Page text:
Wednesday, November 30, 2011

Fall tidy up/spring prep

There is quite a bit of ongoing discussion as to whether it is better to clean up deciduous plants in the fall or spring.  I prefer fall, primarily because the fog is not kind to dying plant material.  I would rather clean up and have less mold.  Also, our spring comes so early, and enough plants grow all year, I think it helps both the looks of the garden, and the chance for self sown plants as well as perennials to get a good start come February. 
One fall task that seems to be universally accepted is preparing the soil for spring growth.  I do not dig beds, as there is enough evidence supporting just covering the ground with supplements rather than digging them in to appeal to my lazy side.  Supposedly not digging also cuts down on weed seeds sprouting, which I can also totally support.  However, the dirt needs feeding.  The idea is that mulch put down in fall breaks down and the nutrients washed into the soil throughout the winter, regardless of climate.  The cheapest mulch for this purpose is cow manure.  So I am in the midst of spreading manure on all the beds.  Then there are a few more plants to cut, including these asparagus, and the garden will be set for winter.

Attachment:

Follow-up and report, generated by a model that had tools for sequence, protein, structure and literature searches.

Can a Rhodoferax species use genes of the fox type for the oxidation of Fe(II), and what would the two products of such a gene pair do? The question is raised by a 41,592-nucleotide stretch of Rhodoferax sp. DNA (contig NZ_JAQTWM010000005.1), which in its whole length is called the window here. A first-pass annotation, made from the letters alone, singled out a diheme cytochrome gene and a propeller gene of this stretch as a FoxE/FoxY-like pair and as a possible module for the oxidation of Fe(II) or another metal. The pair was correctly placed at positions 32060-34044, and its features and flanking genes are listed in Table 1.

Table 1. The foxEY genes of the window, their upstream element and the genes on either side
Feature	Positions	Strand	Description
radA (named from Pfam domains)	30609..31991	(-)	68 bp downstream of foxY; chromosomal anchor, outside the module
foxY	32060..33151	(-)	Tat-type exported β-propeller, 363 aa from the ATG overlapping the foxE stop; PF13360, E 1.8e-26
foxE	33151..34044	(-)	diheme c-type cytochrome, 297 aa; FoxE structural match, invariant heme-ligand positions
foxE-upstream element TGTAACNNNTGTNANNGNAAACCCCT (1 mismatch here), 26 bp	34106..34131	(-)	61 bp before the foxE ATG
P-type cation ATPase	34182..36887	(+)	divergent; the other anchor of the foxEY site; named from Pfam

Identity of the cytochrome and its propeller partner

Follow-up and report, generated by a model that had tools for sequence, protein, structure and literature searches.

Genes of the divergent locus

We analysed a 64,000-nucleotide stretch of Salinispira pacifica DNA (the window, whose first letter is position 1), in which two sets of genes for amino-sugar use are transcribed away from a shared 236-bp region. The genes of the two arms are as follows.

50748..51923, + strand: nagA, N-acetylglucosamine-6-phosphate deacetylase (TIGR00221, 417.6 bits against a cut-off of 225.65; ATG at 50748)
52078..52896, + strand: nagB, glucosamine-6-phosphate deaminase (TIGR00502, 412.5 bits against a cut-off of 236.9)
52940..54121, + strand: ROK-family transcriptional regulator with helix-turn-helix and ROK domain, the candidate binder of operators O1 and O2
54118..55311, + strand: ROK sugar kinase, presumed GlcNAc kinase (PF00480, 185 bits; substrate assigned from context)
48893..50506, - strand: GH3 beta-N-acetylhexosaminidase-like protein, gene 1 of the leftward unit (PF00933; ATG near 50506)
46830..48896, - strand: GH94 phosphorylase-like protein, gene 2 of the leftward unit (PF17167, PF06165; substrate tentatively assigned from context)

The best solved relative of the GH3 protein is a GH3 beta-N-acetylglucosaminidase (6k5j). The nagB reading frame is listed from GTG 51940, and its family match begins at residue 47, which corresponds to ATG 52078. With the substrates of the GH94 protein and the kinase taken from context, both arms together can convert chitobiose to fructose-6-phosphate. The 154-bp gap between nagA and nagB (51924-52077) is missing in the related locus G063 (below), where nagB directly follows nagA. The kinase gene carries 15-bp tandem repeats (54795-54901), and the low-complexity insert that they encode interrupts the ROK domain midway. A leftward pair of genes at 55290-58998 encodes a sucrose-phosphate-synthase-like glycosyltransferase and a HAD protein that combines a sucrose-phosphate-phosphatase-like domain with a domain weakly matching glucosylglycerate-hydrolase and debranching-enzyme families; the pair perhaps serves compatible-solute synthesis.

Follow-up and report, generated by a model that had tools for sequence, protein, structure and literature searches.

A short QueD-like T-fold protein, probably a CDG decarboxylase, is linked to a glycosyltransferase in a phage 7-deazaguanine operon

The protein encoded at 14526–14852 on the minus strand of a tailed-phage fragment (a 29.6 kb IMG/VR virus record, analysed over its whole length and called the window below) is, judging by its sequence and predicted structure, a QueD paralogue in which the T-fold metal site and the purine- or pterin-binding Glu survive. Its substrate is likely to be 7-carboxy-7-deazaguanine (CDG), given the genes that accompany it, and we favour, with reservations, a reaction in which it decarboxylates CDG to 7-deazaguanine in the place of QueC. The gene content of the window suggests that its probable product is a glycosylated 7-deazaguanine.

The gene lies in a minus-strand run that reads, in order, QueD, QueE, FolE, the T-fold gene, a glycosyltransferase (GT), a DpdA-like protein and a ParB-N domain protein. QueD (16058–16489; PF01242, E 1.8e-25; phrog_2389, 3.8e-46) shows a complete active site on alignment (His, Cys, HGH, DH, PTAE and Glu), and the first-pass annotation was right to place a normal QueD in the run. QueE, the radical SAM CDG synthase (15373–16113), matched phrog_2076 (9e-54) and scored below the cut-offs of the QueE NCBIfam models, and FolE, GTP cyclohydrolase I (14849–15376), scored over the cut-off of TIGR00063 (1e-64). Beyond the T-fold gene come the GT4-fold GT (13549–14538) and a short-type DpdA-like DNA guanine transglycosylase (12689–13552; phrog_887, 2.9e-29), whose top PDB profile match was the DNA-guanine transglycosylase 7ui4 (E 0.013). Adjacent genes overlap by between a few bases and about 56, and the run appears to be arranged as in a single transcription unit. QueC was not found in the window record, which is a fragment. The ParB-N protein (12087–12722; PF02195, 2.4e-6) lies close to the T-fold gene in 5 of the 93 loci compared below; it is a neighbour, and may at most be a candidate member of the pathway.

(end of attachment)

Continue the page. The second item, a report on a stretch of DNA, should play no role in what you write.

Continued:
1 comment:

  1. I'm so lazy that I'm just letting the grass clippings and chopped leaves from mowing set on the lawn all winter (under snow) as my mulch. I'm calling it "100% natural organic soil enrichment process". It's what happens naturally anyway, and it works really well for the soil in my area.